And a few days before launch and dies for such a stupid reason? Please.

Re:Seeing Arrington's rants... (5, Insightful)

eldavojohn (898314) | more than 4 years ago | (#30272396)

It wouldn't be a surprise if the whole thing was just a hoax. Like the other article says:

Arrington, who is not a journalist (and has never professed to be one), regularly talks to financial guys, with close ties to virtually every major technology company. He's also plugged into these same companies at even higher levels. Oh, and he also invests in companies he writes about. At times, this can make his information incredibly prescient and also highly self-serving. The problem is, no one can tell the difference.

And a few days before launch and dies for such a stupid reason? Please.

Then what were we seeing in the videos [youtube.com] on Youtube [youtube.com]? Really expensive tablet PCs? They couldn't get that down to $200? I'm just confused as to what his motivation would be ... I think inflating your stock with a fake product and then dumping all the stock you have before it crashes would look hilariously like insider trading. So what's going on? What do they mean by "plugged into these same companies at even higher levels"?

In his 'rant' he's also calling these people out on infringing on his (and other people's) IP if they launch ... which are pretty heavy claims. I kind of get the feeling this isn't a hoax and there will be serious fallout one way or the other if they don't iron things out between each other. IP suit if it launches and fruitless R&D and production money if it doesn't.

Re:Seeing Arrington's rants... (3, Informative)

h4rm0ny (722443) | more than 4 years ago | (#30274288)


Arrington is a Stanford educated lawyer with former clients such as Pixar and Apple. If he's making claims like this in his blog, they're not going to be spurious. He'll know what he's doing.

Re:Seeing Arrington's rants... (0)

Anonymous Coward | more than 4 years ago | (#30272476)

Well, you can also see a prototype on Fusion Garage's web site.

Re:Seeing Arrington's rants... (5, Interesting)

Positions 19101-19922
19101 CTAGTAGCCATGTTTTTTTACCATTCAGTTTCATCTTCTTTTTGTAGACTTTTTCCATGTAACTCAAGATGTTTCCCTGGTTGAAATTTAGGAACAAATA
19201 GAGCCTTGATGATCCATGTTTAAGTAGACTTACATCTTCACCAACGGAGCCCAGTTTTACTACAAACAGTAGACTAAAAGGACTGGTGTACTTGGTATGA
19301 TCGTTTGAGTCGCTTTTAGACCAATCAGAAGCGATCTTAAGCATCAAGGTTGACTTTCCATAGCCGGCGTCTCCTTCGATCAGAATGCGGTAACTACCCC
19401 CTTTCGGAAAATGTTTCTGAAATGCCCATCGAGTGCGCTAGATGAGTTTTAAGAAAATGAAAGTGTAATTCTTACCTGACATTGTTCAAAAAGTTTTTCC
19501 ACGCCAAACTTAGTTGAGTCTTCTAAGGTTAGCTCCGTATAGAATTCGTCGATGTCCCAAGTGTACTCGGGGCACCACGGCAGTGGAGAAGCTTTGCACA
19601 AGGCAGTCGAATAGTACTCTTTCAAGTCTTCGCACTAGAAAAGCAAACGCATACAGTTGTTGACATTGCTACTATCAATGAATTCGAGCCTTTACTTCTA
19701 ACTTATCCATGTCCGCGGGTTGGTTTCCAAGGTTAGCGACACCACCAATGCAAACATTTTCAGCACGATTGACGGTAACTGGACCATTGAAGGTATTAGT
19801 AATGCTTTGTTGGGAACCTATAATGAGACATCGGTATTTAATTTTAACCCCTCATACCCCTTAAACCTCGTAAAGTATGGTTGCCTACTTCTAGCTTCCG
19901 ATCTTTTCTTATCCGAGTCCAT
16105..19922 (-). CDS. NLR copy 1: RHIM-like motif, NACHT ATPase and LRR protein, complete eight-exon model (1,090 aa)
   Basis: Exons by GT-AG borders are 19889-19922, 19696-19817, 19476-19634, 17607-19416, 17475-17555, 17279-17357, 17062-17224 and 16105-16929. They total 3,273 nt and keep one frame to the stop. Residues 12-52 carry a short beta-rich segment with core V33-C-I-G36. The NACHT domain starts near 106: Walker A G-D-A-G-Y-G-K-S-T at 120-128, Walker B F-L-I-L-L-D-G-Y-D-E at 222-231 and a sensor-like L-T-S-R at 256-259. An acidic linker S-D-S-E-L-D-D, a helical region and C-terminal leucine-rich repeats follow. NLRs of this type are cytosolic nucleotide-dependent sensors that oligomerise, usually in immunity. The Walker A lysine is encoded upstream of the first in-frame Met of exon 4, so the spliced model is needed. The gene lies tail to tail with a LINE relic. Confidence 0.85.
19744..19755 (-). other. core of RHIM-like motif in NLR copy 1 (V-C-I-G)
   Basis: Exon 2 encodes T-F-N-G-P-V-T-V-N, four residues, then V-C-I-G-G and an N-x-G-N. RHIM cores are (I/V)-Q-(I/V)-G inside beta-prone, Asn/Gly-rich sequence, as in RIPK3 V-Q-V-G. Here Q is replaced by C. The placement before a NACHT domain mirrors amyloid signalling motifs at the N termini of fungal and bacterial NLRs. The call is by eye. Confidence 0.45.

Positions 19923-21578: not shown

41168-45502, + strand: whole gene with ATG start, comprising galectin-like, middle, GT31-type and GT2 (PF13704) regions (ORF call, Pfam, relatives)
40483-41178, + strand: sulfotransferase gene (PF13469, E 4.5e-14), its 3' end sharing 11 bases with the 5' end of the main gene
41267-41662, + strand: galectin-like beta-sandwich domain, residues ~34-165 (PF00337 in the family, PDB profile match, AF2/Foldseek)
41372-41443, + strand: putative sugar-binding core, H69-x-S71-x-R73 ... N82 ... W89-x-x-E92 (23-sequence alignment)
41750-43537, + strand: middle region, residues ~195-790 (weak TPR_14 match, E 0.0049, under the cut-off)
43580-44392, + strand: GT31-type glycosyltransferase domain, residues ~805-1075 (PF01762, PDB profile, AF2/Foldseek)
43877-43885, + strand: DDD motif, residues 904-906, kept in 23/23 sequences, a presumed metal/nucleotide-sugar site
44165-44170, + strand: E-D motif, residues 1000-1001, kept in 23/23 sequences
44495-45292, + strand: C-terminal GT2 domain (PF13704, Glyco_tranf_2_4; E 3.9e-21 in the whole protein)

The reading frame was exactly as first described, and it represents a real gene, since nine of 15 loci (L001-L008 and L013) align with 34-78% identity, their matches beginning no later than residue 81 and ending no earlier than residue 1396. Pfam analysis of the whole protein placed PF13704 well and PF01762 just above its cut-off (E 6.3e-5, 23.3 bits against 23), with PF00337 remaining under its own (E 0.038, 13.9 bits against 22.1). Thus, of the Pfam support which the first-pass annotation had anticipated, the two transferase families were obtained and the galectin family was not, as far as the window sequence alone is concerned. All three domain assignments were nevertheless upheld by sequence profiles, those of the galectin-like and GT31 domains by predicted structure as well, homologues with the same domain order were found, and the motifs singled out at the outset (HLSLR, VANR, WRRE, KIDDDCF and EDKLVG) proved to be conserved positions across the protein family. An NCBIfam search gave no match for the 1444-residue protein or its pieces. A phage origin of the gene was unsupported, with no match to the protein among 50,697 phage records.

WaywardGeek (1480513) | more than 4 years ago | (#30272626)

And a few days before launch and dies for such a stupid reason? Please.

I'm guessing you've never started a company. When you do, you'll find out that a fair number of your friends turn into psychopaths when money is involved. This is why the best number of partners in any new venture is 1. I got screwed by AMIS in a somewhat similar situation. We co-developed the Express Array using our technology from cell design to routing. The first chip came out and worked 8 months after we started this very aggressive project. The day the chip worked, AMIS basically said "we don't need you anymore. Fuck off and die now." For AMIS, the entire project was delayed a year. It was incredible, unexplainable stupidity. And yet, it's an entirely common story.

Re:Seeing Arrington's rants... (5, Interesting)

bckspc (172870) | more than 4 years ago | (#30273414)

I was just going to post something to the same effect. A good friend of mine was pushed out of his company by his partner, board, and angel investors when his invention was close to launch. Another friend turned evil on me when our own start-up company was approached about acquisition. Even though we were 50-50 partners, I still feel like I got shafted. And every slashdot reader knows that Windows is dominant not because of its technical merits, but because of legal -- and illegal -- bullying. Screw or be screwed seems to be the name of the game. Sometimes it seems the only way to win is not to play.

Re:Seeing Arrington's rants... (4, Interesting)

asackett (161377) | more than 4 years ago | (#30273862)

If I had mod points I'd award a quadrillion of them for:

I'm guessing you've never started a company. When you do, you'll find out that a fair number of your friends turn into psychopaths when money is involved. This is why the best number of partners in any new venture is 1.